LGBTQ travelers and the reality of Visiting Uganda

From Travel Pulse by Paul Heney

Michael Kajubi, the founder of McBern Tours and Travel, received a scholarship from the IGLTA Foundation to attend this year’s IGLTA Convention in Toronto. McBern is a Ugandan company that employs members of the LGBTQ community, as well as the elderly. We spoke to him about his home country and what it’s really like for queer citizens and travelers.

TP: The Western world hears a lot about the dangers of being gay in Uganda. What is your perspective on the ground there?

MK: It’s true that Uganda suffers from widespread homophobia. Despite the criminal laws and prevailing negative attitudes by the general population in Uganda, the LGBTQ community has continued to fight for its rights.

There is a growing and strong civil society, working tirelessly to advance the rights of LGBTQ persons in Uganda—so they may have access to health services, to justice and legal literacy. But, as it happens in many countries around the world, through hard work in education, dialogue and one-on-one interactions through tourism and business, we can change this.

We in Uganda have a long way to go in establishing the rights deserved to our LGBTQ citizens. The road is long and uphill, but we have started and have made some progress. We have to be careful, definitely respect the culture and tread carefully. There is no public affection shown (even for straight couples).

For now, one doesn’t have to parade oneself on the street and pronounce him/herself gay. All should be done in private.

TP: Can you share any personal experiences about your life there, your own coming out process, etc.?

MK: Well, I have not come out publicly to pronounce my sexuality. I keep it low and continue my life normally. It has only been in circumstances when asked by people privately as to when I intend to get married to a woman and start a family. Then I have to answer that I do not intend to get married to a woman because I would like to have a like mind in my life—which is a man.

I have lost some friends and family of course, but they have to either accept me as I am or not accept me. But even without them, I am comfortable in my space with the people who welcome me as I am.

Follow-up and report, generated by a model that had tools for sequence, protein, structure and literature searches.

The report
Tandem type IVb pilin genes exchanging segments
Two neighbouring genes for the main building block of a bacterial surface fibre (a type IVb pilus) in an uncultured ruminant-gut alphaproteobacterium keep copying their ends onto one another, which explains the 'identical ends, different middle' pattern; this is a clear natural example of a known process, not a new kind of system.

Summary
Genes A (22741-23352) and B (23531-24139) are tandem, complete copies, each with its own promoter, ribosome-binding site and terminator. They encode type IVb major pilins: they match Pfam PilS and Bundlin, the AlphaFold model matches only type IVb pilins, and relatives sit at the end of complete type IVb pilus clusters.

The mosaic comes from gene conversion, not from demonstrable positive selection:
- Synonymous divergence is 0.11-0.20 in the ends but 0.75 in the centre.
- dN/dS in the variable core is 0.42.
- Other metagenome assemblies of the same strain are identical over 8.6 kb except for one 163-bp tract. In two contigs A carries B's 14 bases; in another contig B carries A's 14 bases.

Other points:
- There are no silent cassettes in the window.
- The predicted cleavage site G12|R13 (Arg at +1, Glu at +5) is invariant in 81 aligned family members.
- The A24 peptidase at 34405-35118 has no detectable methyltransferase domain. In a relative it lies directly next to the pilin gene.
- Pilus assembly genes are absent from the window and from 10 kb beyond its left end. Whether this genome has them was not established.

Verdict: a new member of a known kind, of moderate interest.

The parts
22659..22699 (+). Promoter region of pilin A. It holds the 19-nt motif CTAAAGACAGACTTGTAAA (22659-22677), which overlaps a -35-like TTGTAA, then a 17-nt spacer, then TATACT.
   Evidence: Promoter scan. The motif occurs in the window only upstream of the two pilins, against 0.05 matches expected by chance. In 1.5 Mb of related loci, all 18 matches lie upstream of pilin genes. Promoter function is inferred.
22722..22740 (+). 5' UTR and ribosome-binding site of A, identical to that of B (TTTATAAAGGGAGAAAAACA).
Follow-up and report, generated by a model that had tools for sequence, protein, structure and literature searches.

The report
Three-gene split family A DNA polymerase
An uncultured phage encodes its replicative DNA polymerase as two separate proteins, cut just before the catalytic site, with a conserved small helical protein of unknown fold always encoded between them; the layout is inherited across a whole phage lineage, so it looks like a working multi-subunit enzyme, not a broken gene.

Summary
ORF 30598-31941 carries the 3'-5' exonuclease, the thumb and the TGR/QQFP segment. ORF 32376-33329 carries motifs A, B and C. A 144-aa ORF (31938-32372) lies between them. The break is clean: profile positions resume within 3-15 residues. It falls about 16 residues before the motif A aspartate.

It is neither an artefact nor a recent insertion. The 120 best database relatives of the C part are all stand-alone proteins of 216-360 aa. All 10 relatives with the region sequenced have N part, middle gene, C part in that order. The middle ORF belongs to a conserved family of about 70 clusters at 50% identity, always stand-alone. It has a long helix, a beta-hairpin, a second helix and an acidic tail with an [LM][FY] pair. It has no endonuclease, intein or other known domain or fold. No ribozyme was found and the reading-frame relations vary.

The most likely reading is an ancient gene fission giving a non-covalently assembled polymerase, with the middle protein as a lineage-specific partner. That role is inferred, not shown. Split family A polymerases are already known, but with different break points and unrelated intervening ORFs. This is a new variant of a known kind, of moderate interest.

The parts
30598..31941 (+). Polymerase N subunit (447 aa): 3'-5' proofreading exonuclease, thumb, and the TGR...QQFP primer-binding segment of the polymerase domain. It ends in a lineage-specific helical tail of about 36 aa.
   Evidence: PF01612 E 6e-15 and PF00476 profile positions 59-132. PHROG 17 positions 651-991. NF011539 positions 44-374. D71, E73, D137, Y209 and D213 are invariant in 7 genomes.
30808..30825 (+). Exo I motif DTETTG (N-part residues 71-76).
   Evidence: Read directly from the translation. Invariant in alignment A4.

TP: How safe is it for LGBTQ people to visit Uganda? What, if any precautions should they take?

MK: The beautiful country that I am proud to call home was called the “Pearl of Africa” by Winston Churchill. It does receive LGBTQ travelers. We guide them and keep close contact at all phases—taking special care of each and every guest at all times as their confidential and trusted travel partner.

It is safe, as I mentioned earlier, as long as the culture is respected and there is no public showing of affection.

TP: There is a split in the queer community, where some say they refuse to visit and spend their money in homophobic places, where others feel it is important to visit those places and be visible to change hearts and minds. Where do you stand on this, and why?

MK: I believe that those who travel bring a big impact to the world. As more LGBTQ tourists venture into our country, Ugandans will learn first-hand of who we are, who our community is, and how LGBTQ tourism can only be a benefit to them bringing in revenue to the country.

The person-to-person contact between the tourists and the hotels, the restaurants, the drivers, the guides, the shopkeepers, will slowly but surely encourage a change in the thoughts of Ugandans. I believe that travelers learn and make big impacts to the society in which they visit.

For instance, with tourists using McBern Tours and Travel, the funds support the elderly and of course, there is employment for the youth. When the people see the good coming as a result of these visitors, this will help change their hearts, their minds and perception of the LGBTQ community.

TP: Why should queer people visit Uganda now? What does the country have to offer someone who has traveled to many other places across the globe?

MK: Uganda is a beautiful, safe, English-speaking country with a diverse landscape. Besides the amazing areas provided for safaris, Uganda is home to the famous endangered mountain gorilla sanctuary, where half of the world’s population of these animals live. The approximate population today is around 900 gorillas.

Being on the equator means the climate is at a constant temperature—not necessarily an extremely hot temperature. Climate is constantly between 17°C and 26°C. I call it a “year-round Summer.”

Uganda is ranked as one of the friendliest countries in the whole world, according to the InterNations report of 2017. Uganda is also very affordable for food and labor—so when it comes to the expats, they are able to maintain a high standard of living.

Uganda has so much to offer to every person regardless of one’s sex, race, religion—the source of the Nile, the amazing mountain gorillas, the animals in the wilderness, the fresh waters in the lakes, the natural resources, and many business investment opportunities.

Comment ( 1 )

  1. / mike dumford
    Excellent Article. Very interesting read. Thank you

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